CURRENTS, FRONTS AND EDDIES
The South Equatorial Current flows east-to-west between the equator and about 20 degrees south as part of a large-scale subtropical gyre driven by the trade winds. Its surface waters are warm at 27 degrees celcius and generally low in nutrients. After passing through the Coral Sea, it meets the Australian mainland between Cairns and Townsville and bifurcates, flowing north as the Hiri Current towards Papua New Guinea and south with the EAC.
The EAC is the largest ocean current close to Australia’s east coast. Moving up to 30 million cubic metres per second in a swathe 100km wide and 500m deep, it is strongest in summer and weakest in winter. It is the principal driver of all ecological processes in the Temperate East Marine Region, exerting its influence deep into the Tasman Sea before dissipating east of Tasmania.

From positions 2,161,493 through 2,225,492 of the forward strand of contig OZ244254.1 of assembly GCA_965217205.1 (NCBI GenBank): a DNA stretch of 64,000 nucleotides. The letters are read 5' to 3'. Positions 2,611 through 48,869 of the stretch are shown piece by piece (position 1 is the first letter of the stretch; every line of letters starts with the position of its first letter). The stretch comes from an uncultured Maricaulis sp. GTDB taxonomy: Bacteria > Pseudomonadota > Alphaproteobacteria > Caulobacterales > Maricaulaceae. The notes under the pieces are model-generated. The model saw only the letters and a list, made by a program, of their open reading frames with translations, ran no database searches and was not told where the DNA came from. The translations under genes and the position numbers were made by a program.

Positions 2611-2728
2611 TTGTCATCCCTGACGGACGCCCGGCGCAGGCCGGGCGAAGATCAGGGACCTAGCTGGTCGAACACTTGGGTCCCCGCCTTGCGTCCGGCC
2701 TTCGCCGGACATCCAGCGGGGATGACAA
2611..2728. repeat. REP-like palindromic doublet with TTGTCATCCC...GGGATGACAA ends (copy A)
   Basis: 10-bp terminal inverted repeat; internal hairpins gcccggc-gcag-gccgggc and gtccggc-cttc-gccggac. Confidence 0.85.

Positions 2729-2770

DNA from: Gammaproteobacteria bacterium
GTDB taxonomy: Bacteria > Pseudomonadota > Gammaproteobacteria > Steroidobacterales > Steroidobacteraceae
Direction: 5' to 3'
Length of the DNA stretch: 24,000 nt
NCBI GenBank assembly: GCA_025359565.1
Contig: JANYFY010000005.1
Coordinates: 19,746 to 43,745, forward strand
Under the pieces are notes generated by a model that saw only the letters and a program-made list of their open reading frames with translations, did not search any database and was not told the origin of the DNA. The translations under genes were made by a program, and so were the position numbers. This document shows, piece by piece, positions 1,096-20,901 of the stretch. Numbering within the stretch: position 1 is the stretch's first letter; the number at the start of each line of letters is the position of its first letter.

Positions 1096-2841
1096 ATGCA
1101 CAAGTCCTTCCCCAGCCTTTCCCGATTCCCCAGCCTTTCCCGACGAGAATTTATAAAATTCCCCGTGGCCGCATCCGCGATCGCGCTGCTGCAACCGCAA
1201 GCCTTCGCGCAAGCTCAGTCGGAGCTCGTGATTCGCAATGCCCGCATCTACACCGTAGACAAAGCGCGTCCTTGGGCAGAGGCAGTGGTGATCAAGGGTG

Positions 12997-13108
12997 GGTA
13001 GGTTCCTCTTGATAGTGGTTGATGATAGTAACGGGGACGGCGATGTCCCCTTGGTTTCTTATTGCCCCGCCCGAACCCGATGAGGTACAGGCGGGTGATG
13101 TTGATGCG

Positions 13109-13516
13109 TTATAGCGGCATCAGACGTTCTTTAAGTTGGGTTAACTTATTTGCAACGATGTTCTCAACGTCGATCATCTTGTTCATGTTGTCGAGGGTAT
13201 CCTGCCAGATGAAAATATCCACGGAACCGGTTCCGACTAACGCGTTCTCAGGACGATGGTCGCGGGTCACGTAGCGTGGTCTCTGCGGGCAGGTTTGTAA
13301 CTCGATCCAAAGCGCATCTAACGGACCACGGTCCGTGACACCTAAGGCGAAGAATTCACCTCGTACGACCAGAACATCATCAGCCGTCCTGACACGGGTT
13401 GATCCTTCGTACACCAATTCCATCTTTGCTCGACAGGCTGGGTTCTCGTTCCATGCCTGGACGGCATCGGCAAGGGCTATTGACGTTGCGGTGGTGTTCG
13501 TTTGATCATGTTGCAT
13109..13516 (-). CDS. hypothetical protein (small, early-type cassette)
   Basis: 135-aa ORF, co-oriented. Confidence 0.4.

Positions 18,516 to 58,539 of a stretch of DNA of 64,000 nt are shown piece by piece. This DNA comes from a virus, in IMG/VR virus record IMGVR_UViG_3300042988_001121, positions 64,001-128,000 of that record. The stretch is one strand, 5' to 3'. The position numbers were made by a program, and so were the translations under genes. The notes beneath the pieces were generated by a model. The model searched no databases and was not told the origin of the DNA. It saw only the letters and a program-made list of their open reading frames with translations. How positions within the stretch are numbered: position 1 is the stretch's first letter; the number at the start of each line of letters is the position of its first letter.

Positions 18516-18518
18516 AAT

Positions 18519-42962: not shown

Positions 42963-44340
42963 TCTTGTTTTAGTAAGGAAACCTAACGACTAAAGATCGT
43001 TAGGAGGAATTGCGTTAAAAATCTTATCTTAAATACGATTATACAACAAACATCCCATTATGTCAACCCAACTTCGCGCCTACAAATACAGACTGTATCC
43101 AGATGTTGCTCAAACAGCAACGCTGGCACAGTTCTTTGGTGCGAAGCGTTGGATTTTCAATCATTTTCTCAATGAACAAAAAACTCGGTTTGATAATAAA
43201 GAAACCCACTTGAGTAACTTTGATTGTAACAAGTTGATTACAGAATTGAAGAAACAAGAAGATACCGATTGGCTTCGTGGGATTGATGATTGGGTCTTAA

On its southward journey, the current frequently criss-crosses the continental shelf, deflected offshore by major headlands and sweeping close inshore again. These fluctuations generate large anti-clockwise eddies that can be 200km across and more than 1km deep.The eddies draw up nutrients from the deep in upwellings that flood across the shelf to enrich coastal waters and promote biological productivity in concentrated ‘hotspots’. One of these occurs off Fraser Island and supports spawning grounds for many important commercial species.
At about 33 degrees south, a large part of the EAC separates from its coastal trajectory and veers east, leaving a much weaker current to continue south in a series of eddies that eventually peter out in the southern Tasman Sea. This partial separation of the current from the coast and its eastward flow into the South Pacific has created one of the most complicated and dynamic areas of ocean in the world.